EAC/ACB Code of Conduct

This code covers your behaviour as a member of the EAC/ACB community in any form, whether online, public meetings, private correspondence, or face-to-face communication.

Be Welcoming and Inclusive

One of the core responsibilities of EAC/ACB is to promote needlework through education. Beginners or advanced, young or not so young, should be welcome without discrimination or harassment.

Be Respectful and Considerate

You are working with others as a team, so please consider how your words, actions and contributions affect your fellow members and the community. Treat one another and members of the community with respect. Everyone can make a valuable contribution. We may not always agree, but disagreement is no excuse for poor behaviour or manners. We might all experience some frustration now and then, but we cannot allow that frustration to turn into harmful behaviour. 

Be Collaborative

Members of EAC/ACB share a common interest and love of the art of needlework. Varied views on running any organization are expected, but new ideas or suggestions for better ways of doing things should be passed on constructively. Remember that progress is made by disagreement, debate and constructive criticism. The important part is not to avoid these differing views but to resolve the issues constructively and not turn them into personal conflicts.

Be Grateful and Courteous

Organizations do not run themselves. EAC/ACB relies on the time and efforts of many volunteers, whether on the national board or local chapter level. Seminars, in particular, require a great deal of time and energy from EAC/ACB members on the committees, who must fit it in with their busy lives. They are committed to doing their best and deserve the respect and admiration of those who attend.

Be Democratic

All views have the right to be heard within the organization, but the majority’s will should be followed. 

Be Available

Anyone who accepts membership in EAC/ACB, whether national or local, should realize they have a responsibility to be available to their fellow members. Phone calls, emails and other communication should be checked regularly and answered promptly, even with an “I’ll get back to you.” If this is impossible, they should arrange for others to take this responsibility temporarily.  It is common courtesy to let others know of upcoming absences.  Putting an autoresponder on one’s email can alert those trying to communicate when you cannot respond and who else may assist them.  A good rule of thumb for an out-of-office automatic reply is to use it if you are away for more than a long weekend or a couple of days during a week.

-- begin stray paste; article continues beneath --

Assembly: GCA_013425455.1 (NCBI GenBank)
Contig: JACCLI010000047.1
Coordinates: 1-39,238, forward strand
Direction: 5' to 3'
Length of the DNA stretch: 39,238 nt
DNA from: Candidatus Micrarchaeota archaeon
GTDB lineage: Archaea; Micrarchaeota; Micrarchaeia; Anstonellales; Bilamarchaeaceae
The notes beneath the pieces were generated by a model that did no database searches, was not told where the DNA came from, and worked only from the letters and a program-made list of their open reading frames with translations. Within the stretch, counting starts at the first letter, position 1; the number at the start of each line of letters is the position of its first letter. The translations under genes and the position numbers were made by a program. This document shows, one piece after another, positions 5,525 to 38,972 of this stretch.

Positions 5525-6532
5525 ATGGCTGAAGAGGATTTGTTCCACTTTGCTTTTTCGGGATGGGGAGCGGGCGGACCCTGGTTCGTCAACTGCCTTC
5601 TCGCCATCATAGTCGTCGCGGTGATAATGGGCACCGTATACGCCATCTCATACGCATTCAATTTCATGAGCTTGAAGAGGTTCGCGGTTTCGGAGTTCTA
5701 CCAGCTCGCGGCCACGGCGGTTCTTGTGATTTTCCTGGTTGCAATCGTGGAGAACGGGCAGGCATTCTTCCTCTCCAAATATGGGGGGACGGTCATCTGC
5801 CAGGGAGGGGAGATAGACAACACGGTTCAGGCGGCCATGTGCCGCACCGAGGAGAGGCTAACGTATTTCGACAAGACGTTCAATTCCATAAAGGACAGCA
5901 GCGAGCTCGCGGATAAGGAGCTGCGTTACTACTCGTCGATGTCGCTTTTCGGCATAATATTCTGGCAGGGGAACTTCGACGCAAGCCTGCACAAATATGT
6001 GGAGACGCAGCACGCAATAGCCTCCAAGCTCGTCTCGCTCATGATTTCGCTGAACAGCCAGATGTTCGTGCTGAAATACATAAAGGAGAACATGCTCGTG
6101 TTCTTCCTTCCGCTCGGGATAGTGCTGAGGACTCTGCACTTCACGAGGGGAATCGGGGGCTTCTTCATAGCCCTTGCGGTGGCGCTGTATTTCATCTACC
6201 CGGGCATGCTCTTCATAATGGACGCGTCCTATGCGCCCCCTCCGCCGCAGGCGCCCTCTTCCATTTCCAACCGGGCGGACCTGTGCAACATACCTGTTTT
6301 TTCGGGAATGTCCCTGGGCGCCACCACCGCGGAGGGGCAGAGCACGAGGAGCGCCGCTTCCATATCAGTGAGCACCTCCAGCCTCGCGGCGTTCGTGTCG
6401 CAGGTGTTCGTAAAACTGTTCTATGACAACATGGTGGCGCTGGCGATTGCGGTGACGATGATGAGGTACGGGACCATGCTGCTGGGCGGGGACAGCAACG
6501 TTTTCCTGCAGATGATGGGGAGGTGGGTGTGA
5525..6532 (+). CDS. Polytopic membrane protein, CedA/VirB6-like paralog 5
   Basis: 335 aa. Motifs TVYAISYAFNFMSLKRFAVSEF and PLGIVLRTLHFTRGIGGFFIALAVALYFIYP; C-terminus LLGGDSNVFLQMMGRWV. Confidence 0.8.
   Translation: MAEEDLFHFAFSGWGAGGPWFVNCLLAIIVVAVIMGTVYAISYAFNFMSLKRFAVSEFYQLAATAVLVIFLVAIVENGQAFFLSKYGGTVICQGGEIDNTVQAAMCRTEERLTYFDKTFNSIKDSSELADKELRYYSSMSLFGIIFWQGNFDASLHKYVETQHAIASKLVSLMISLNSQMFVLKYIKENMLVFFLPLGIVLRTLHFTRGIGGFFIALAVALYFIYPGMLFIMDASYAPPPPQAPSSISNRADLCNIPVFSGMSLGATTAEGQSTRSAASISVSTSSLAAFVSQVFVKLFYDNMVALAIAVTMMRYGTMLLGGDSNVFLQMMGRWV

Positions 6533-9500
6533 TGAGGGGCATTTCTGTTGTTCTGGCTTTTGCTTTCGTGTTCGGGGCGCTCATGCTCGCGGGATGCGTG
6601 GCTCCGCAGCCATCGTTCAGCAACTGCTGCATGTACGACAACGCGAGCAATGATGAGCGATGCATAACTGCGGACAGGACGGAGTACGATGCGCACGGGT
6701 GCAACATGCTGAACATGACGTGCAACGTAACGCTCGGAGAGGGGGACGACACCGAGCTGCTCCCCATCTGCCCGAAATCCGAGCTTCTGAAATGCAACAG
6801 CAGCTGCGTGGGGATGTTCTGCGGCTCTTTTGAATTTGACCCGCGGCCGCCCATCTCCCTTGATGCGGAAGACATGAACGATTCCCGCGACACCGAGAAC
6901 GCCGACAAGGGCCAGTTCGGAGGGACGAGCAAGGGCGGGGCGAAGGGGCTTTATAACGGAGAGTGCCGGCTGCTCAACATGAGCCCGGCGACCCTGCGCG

Be Honest

Sometimes the hardest thing to say is “no” or admit that we forgot to do something. Please be honest with each other and to yourself about your commitments. Never be afraid to ask for help.

Be Educational

All communication should deal directly with EAC/ACB news, chapter news and events, embroidery, needlework or fibre arts-related topics, whether written or spoken.  Any list of EAC/ACB members should not be used for any other purpose without the individual’s prior consent.  

Follow the Rules

Volunteers are expected to uphold the bylaws, policies and procedures of EAC/ACB and their local chapters. If there is confusion on any issue, questions should be directed to the President or an appropriate member who will find the answer for you. Proper use of membership information and copyright materials is expected from all EAC/ACB members.

Things to Think About as a Chapter Member

  • Am I willing to participate in the belief that everyone wants what is best for the chapter?
  • Am I willing to try to separate the facts from emotions?
  • Am I listening?
  • Am I letting others talk?
  • Am I sticking to the subject?
  • Am I placing principles above personalities?
  • Am I willing to support the chapter’s decisions?

Learn some ways you might handle conflict.